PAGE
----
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Gold Price Heads for Another $75 Quarterly Gain as Fed Holds Rates, UN Warns of 'Crisis Part 3'

Thursday, September 22, 2016 5:44
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(Before It's News)

Adrian Ash is head of research at BullionVault, the world-leading gold trading & ownership service online…

GOLD PRICES held near 2-week highs in London on Thursday, trading at $1335 per ounce as world stock markets rose sharply following the US Federal Reserve's “no change” decision on interest rates but a new United Nations report warned of a “third phase” in the global financial crisis, with a crash in emerging markets threatening to follow the Eurozone debt crisis of five years ago and the banking crash of 2008.
 
Commodities gained for a sixth session running while silver extended the move in gold prices, spiking within 2 cents per ounce of $20 – a two-year high when first reached in July.
 
Government bond prices also rose across the board, pushing 10-year US Treasury yields down to 2-week lows at 1.64% and dropping benchmark Brazilian debt yields to just over 12% per annum.
 
“Gold will really be interesting when people stop asking what the Fed is going to do, and begin asking, who is the Fed and what can they know?” said Jim Grant of the Grant's Interest Rate Observer newsletter to CNBC overnight.
 
Recommending a “reduction of risk profile” in client portfolios for the coming 3 months, French investment bank and bullion market maker Societe Generale maintains its fourth-quarter average gold price forecast of $1350 per ounce, predicting a rise to $1375 in Q1 2017.
 
Each calendar quarter of 2016 has so far added $75 to the average gold price, by far the most consistent rate of change on modern records.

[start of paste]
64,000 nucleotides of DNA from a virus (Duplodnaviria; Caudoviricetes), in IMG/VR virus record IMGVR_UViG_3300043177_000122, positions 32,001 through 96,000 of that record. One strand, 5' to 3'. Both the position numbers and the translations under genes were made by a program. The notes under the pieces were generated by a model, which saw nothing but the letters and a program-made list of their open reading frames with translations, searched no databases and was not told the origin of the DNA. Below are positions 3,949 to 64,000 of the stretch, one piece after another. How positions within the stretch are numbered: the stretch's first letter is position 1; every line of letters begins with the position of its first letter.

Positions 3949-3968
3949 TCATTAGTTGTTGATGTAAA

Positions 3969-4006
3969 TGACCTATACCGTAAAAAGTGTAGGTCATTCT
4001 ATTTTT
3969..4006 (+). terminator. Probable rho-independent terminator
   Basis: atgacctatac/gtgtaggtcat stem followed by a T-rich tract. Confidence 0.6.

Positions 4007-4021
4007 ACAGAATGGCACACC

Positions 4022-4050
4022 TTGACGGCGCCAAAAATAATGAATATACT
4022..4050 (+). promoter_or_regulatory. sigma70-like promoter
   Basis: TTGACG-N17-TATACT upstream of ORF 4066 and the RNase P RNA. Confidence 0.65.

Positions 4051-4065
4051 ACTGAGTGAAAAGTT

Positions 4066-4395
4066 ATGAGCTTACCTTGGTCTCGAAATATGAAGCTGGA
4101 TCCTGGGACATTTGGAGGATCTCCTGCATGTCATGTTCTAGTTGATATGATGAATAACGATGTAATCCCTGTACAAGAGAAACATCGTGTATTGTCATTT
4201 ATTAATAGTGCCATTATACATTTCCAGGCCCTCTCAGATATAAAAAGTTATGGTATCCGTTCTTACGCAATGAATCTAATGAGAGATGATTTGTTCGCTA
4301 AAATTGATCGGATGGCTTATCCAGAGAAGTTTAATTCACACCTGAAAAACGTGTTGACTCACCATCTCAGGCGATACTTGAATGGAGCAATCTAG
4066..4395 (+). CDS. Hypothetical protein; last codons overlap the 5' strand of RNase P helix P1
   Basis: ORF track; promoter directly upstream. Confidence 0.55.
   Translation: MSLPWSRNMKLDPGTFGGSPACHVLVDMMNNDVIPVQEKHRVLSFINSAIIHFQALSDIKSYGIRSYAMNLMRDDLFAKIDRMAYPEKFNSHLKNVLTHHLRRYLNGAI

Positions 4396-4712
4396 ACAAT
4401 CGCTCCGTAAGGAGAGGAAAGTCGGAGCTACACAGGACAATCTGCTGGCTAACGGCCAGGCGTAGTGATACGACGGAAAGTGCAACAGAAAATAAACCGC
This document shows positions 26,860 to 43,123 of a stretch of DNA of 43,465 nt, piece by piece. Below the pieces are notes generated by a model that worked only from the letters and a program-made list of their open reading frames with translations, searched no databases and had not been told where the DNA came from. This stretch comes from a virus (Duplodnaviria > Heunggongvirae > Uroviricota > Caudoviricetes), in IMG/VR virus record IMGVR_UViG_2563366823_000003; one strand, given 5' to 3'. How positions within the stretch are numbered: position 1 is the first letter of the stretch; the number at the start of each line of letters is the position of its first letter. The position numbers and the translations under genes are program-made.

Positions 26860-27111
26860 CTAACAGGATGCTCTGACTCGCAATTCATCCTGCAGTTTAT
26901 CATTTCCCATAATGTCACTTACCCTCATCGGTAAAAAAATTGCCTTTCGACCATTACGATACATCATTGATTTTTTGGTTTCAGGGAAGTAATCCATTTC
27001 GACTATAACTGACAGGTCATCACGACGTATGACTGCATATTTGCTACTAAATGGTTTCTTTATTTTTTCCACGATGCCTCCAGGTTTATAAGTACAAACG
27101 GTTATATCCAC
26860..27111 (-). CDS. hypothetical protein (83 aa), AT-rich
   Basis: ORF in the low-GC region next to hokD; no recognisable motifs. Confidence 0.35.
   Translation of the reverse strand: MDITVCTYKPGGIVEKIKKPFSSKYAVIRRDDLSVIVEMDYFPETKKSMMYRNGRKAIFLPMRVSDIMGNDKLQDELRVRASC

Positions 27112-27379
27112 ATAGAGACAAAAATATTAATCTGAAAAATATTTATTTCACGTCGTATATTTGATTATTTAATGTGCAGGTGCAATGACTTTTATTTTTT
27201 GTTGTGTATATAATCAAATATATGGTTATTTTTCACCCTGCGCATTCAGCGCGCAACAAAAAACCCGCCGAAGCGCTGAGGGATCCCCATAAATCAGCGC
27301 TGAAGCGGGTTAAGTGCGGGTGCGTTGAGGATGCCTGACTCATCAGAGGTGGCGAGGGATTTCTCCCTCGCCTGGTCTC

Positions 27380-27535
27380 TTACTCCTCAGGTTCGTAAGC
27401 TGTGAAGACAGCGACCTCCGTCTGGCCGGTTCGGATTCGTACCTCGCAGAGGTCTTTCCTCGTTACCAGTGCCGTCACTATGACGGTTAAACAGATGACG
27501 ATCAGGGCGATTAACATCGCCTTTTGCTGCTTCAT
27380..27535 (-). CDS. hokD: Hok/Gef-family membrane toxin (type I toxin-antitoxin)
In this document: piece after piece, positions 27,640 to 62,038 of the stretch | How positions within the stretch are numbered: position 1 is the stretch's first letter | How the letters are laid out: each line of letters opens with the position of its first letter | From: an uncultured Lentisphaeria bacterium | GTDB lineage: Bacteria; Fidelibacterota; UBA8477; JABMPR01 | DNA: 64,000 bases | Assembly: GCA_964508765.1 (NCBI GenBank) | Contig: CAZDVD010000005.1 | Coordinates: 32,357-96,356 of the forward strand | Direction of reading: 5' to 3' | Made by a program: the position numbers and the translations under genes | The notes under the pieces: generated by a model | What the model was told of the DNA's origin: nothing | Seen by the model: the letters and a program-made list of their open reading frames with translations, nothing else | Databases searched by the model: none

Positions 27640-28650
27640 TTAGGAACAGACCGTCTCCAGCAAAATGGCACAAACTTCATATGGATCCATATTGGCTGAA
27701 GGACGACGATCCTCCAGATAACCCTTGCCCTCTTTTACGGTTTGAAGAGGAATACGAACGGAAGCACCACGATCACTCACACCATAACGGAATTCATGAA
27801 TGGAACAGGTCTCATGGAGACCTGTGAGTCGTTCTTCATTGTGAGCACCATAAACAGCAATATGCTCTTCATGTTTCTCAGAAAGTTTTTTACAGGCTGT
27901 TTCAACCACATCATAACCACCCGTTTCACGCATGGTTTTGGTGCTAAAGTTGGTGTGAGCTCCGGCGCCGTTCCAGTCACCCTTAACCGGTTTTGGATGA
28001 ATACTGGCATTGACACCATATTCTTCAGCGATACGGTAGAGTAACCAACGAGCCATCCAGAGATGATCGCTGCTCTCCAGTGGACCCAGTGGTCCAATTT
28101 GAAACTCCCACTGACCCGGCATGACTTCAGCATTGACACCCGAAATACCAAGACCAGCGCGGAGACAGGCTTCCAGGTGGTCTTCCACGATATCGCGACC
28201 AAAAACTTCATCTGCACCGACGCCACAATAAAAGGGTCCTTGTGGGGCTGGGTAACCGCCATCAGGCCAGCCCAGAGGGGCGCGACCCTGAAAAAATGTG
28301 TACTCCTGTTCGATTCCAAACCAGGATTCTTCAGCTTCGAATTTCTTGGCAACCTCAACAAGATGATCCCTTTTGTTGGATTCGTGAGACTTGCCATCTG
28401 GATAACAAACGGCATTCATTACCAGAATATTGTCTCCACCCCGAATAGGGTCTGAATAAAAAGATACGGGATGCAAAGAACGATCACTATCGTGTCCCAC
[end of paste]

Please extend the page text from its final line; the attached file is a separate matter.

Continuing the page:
A repeat in Q4 would take the next 3 months' average price to $1411.
 
Chart of quarterly average gold price
 
“We see scope for contagion [across emerging-market currencies] should Mr.Trump prevail” in November's US presidential election says SocGen's note, advising clients to buy the VIX volatility index to anticipate wilder swings in US stockmarkets.
 
“While the current [global financial] situation seems less ominous than in 2008, it is proving more difficult to manage,” says the United Nations' new Trade & Development 2016 report, warning that failing growth in many developing countries “now [poses] a real danger of a third phase of the financial crisis which began in the United States housing market in late 2007 before spreading to the European sovereign bond market.”
 
Corporate debt in emerging economies now exceeds $25 trillion, says the UNCTAD report, and “Damaging deflationary spirals cannot be ruled out,” especially amongst commodity producer nations faced with continued falls in natural resources' prices.
 
Giant Chinese bank ICBC is cutting the base metals team at its ICBC Standard Bank division, Reuters reports, part of an “ongoing cost-cutting” drive according to sources.
 
The Opec oil-producers' cartel “could be ready” meantime to agree a cap on output to try and raise prices when it meets next week in Algiers, says the Iraqi delegation's head negotiator.
 
Beijing has summoned key coal-mining chiefs to a sudden meeting Friday in a bid to address China's supply problems – apparently caused by the government's crackdown on inefficient output – which have pushed the price of coking coal needed by the steel industry more than 110% higher since July.

Formerly City correspondent for The Daily Reckoning in London and head of editorial at the UK’s leading financial advisory for private investors, Adrian Ash is the editor of Gold News and head of research at BullionVault – winner of the Queen’s Award for Enterprise Innovation, 2009 and now backed by the mining-sector’s World Gold Council research body – where you can buy gold today vaulted in Zurich on $3 spreads and 0.8% dealing fees.

(c) BullionVault 2010

Please Note: This article is to inform your thinking, not lead it. Only you can decide the best place for your money, and any decision you make will put your money at risk. Information or data included here may have already been overtaken by events – and must be verified elsewhere – should you choose to act on it.

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